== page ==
I am of the belief that leadership should set an example. Since I am a leader setting an example to the support staff, there are certain habits that I endeavor to project to the staff to absorb and apply to their work life. A typical day for me begins by arriving to work between 7:15 and 7:30 a.m. By the time the staff arrives at 8:00 a.m., I have already had my coffee, reviewed my dockets, checked the attorneys’ calendars, checked my e-mail, and have started on my day’s deadlines. This also allows me some quiet time before the day’s chaos, and to help the attorneys with last-minute morning court appearances. A typical week will include working through lunch a few days out of the week, and not leaving at 5:00 p.m. until I feel the attorney doesn’t need my help. My work day is filled with constant interruptions. When you work with a large legal team, every minute counts in order to meet your deadlines.
Each member of the legal team, from the attorney to the file clerk, is integral and interdependent. There is no room for a weak link in the chain of a team. The qualities that every successful paralegal possesses is a strong work ethic, strength of character, superb knowledge of their given area of law and legal technology, and a desire to provide the highest quality of work for the benefit of the client. A great paralegal has a true love of the profession, a desire to help people, and the ability to mentor rising stars. I recall working on a complex wrongful death case in cooperation with a very prominent Los Angeles attorney. For over a year, the text messages and e-mails from this attorney started between 5:00 and 6:00 a.m. and didn’t stop until after 10:00 p.m. I often thought this attorney never slept!
I had telephone conversations with this attorney on Easter, and was pulled off the golf course on a Saturday to come into the office to help finalize an opposition to an important motion. The end result was worth the effort with a settlement in the millions, and the family of the decedent was thankful that justice was done. On another occasion, I had been working with my attorneys to finalize an Opposition to a Motion for Summary Judgment. A Motion for Summary Judgment is a dispositive motion; meaning if it is granted, it disposes of the legal issue requested in the motion. Oppositions of this nature are very time consuming, include volumes of exhibits and are supported by multiple required pleadings, such as a Response to Defendant’s Separate Statement of Undisputed Facts. Suffice it to say, it is an enormous project that takes planning to complete. The court’s civil window on the day the Opposition was due closed at noon. Thankfully, I prepared the volume of evidence the day before and already had it copied, collated, and labeled. On the due date, the attorneys did multiple revisions and finally gave me the green light to wrap it up. It was 10:45 a.m. I was honestly concerned that the documents would not be filed by noon. The Response to the Separate Statement alone was over 120 pages in length.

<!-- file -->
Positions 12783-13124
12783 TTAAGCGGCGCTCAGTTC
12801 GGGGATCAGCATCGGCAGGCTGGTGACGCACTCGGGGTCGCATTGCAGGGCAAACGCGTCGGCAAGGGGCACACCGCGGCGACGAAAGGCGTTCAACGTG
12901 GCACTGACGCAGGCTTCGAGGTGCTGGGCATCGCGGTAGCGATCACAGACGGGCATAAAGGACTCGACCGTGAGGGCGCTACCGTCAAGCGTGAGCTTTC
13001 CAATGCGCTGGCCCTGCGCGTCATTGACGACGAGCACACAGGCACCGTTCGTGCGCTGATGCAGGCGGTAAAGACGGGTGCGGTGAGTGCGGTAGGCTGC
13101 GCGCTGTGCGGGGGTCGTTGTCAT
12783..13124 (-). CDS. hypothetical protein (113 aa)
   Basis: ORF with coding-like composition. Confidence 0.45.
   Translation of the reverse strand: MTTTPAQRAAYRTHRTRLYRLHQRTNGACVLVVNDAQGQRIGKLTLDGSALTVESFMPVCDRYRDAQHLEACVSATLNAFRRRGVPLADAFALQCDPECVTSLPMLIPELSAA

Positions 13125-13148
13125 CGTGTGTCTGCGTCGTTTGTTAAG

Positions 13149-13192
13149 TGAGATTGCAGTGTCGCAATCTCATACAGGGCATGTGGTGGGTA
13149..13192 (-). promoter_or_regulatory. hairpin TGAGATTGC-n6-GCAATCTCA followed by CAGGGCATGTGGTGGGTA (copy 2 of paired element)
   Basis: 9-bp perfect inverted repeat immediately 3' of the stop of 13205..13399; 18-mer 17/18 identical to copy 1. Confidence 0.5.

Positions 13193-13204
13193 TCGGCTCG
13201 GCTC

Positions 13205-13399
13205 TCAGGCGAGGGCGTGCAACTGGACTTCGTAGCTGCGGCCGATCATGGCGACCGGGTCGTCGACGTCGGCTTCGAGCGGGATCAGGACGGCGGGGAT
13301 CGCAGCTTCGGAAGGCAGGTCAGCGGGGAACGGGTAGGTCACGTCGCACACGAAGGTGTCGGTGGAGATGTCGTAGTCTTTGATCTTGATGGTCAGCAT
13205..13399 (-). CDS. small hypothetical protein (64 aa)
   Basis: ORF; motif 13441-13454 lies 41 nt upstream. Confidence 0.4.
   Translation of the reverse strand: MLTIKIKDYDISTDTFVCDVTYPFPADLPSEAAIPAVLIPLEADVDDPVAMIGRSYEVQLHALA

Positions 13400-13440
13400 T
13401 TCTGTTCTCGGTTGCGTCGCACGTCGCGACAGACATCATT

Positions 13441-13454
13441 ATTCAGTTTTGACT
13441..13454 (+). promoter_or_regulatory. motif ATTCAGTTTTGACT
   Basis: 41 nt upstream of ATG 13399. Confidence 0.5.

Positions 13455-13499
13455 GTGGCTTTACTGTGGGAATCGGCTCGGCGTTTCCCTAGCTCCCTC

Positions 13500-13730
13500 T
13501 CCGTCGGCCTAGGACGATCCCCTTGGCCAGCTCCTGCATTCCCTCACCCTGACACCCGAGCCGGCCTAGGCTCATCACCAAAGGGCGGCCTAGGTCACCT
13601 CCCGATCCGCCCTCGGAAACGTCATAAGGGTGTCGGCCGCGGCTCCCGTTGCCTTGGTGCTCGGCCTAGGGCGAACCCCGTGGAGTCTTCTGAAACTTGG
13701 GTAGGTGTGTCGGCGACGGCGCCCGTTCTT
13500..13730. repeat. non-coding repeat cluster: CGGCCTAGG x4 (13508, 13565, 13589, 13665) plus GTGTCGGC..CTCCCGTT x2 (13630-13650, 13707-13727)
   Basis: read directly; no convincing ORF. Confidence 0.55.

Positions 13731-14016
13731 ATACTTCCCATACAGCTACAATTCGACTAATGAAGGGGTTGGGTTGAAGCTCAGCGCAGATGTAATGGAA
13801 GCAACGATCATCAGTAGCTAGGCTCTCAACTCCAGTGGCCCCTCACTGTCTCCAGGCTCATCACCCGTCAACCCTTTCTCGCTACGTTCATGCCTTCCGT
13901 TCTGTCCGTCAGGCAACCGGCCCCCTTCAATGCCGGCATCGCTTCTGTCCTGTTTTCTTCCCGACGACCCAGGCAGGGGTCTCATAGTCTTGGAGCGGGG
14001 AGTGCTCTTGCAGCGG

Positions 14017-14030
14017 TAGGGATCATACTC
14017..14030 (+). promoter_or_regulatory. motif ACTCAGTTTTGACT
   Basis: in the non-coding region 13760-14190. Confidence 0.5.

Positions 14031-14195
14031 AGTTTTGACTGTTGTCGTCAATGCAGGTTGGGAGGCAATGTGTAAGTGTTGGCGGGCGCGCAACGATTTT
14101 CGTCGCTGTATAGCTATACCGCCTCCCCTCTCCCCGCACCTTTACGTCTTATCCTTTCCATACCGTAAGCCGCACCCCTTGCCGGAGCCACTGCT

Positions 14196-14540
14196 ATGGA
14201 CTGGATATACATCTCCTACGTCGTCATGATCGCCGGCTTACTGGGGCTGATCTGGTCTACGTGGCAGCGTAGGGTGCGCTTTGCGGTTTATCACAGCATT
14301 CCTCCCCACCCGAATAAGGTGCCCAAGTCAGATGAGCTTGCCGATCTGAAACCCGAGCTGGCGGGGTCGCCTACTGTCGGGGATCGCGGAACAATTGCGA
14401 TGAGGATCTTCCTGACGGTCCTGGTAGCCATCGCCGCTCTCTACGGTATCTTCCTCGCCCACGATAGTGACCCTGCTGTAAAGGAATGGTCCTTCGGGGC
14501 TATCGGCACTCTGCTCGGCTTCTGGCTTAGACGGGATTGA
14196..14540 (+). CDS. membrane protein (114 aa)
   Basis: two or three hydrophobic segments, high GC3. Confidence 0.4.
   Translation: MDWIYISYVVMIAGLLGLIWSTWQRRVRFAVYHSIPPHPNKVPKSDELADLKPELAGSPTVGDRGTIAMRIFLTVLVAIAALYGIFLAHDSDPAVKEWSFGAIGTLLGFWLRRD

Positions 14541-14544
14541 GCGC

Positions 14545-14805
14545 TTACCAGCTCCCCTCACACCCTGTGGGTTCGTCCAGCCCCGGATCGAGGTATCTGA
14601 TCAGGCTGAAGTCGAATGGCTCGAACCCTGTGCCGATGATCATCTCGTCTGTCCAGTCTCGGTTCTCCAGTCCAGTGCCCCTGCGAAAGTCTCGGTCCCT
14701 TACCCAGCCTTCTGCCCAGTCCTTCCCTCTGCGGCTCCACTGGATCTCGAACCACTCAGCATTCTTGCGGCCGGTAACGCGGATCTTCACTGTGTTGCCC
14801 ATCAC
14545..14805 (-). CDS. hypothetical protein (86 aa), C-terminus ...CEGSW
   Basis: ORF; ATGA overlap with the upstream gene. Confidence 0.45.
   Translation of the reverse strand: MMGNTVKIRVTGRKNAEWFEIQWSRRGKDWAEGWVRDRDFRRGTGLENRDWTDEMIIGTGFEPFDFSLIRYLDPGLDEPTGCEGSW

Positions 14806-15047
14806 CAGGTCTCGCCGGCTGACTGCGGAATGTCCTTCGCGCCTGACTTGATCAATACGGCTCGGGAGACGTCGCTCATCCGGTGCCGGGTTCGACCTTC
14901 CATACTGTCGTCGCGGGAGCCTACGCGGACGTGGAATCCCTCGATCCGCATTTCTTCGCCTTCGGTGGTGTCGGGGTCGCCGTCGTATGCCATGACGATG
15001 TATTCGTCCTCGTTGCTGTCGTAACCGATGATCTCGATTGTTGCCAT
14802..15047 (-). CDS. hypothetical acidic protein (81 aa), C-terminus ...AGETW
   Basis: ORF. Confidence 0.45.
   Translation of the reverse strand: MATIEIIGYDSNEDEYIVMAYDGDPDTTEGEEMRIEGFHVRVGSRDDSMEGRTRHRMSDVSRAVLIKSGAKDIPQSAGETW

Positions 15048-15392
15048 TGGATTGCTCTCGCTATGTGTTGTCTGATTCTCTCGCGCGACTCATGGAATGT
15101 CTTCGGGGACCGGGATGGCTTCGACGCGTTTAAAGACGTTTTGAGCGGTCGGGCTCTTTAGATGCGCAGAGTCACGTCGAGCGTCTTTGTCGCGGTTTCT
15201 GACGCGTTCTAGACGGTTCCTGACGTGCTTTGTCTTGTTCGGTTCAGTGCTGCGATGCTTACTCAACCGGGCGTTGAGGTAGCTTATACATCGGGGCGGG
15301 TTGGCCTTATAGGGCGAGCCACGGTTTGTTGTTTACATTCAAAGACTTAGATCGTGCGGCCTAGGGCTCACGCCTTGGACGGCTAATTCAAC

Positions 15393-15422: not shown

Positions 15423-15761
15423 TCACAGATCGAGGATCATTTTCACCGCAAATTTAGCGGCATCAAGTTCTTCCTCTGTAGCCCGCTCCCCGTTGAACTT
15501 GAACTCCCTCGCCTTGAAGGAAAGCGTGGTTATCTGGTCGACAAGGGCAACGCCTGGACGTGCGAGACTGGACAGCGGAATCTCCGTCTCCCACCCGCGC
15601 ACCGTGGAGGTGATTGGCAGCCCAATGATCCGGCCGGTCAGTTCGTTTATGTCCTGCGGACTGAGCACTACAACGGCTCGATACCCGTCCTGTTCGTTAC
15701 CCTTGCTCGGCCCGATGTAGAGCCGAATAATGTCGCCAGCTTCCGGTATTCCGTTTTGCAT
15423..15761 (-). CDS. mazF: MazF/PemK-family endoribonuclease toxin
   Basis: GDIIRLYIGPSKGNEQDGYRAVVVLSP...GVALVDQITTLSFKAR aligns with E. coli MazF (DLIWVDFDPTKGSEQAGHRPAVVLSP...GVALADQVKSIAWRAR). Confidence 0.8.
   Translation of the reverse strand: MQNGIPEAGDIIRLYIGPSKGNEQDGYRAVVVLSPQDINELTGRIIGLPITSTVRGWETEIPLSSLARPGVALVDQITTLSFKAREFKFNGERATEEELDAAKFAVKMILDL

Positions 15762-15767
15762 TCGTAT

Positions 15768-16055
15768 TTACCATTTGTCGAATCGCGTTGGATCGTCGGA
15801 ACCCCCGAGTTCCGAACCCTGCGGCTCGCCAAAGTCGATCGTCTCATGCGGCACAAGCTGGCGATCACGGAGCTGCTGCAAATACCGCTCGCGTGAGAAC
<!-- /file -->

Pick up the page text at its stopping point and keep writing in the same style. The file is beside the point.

When a crisis of this magnitude erupts, the whole legal team pulls together. Everyone stopped and helped print, copy, staple, hole-punch, create labels, and literally run to court (luckily the court is across the street). In the end, the Opposition, with the supporting pleadings, was filed before noon with 10 minutes to spare. We all let out a big sigh of relief!
As a paralegal student at Fremont University, you must ask yourself: Do you want a career where you will make a difference to others, or do you want a job where you work 9 to 5 and go home? Do you want a career that challenges you intellectually, or do you want to do the same thing every day? Do you want a career that provides job skills that are employable, or do you want your employment opportunities to be limited? Do you want a career where your colleagues support your success, or do you want to be on your own? Do you want a career where your skills are developed or do you want to be unstimulated? I encourage you to complete the Fremont University paralegal program. It will change your life, and the life of your family: You won’t regret it!
ABOUT Barbara Hass: Barbara Hass is an Advanced Certified Paralegal in Discovery, PI-Wrongful Death, and Trial Practices; and a California Advanced Specialist in Civil Litigation. She has been recognized by her peers as a 2012 Paralegal Gateway Superstar, and the recipient of the 2011 and 2003 Kern County Paralegal of the Year. Barbara is the owner and author of The California Litigator, which provides a meaningful assortment of legal articles, useful sample documents, a helpful gadget, resources, and tips on matters of professional interest. Barbara is the creator of Deadline Direct™, a gadget for your Microsoft Windows 7 desktop. More information is available at https://www.thecalifornialitigator.com.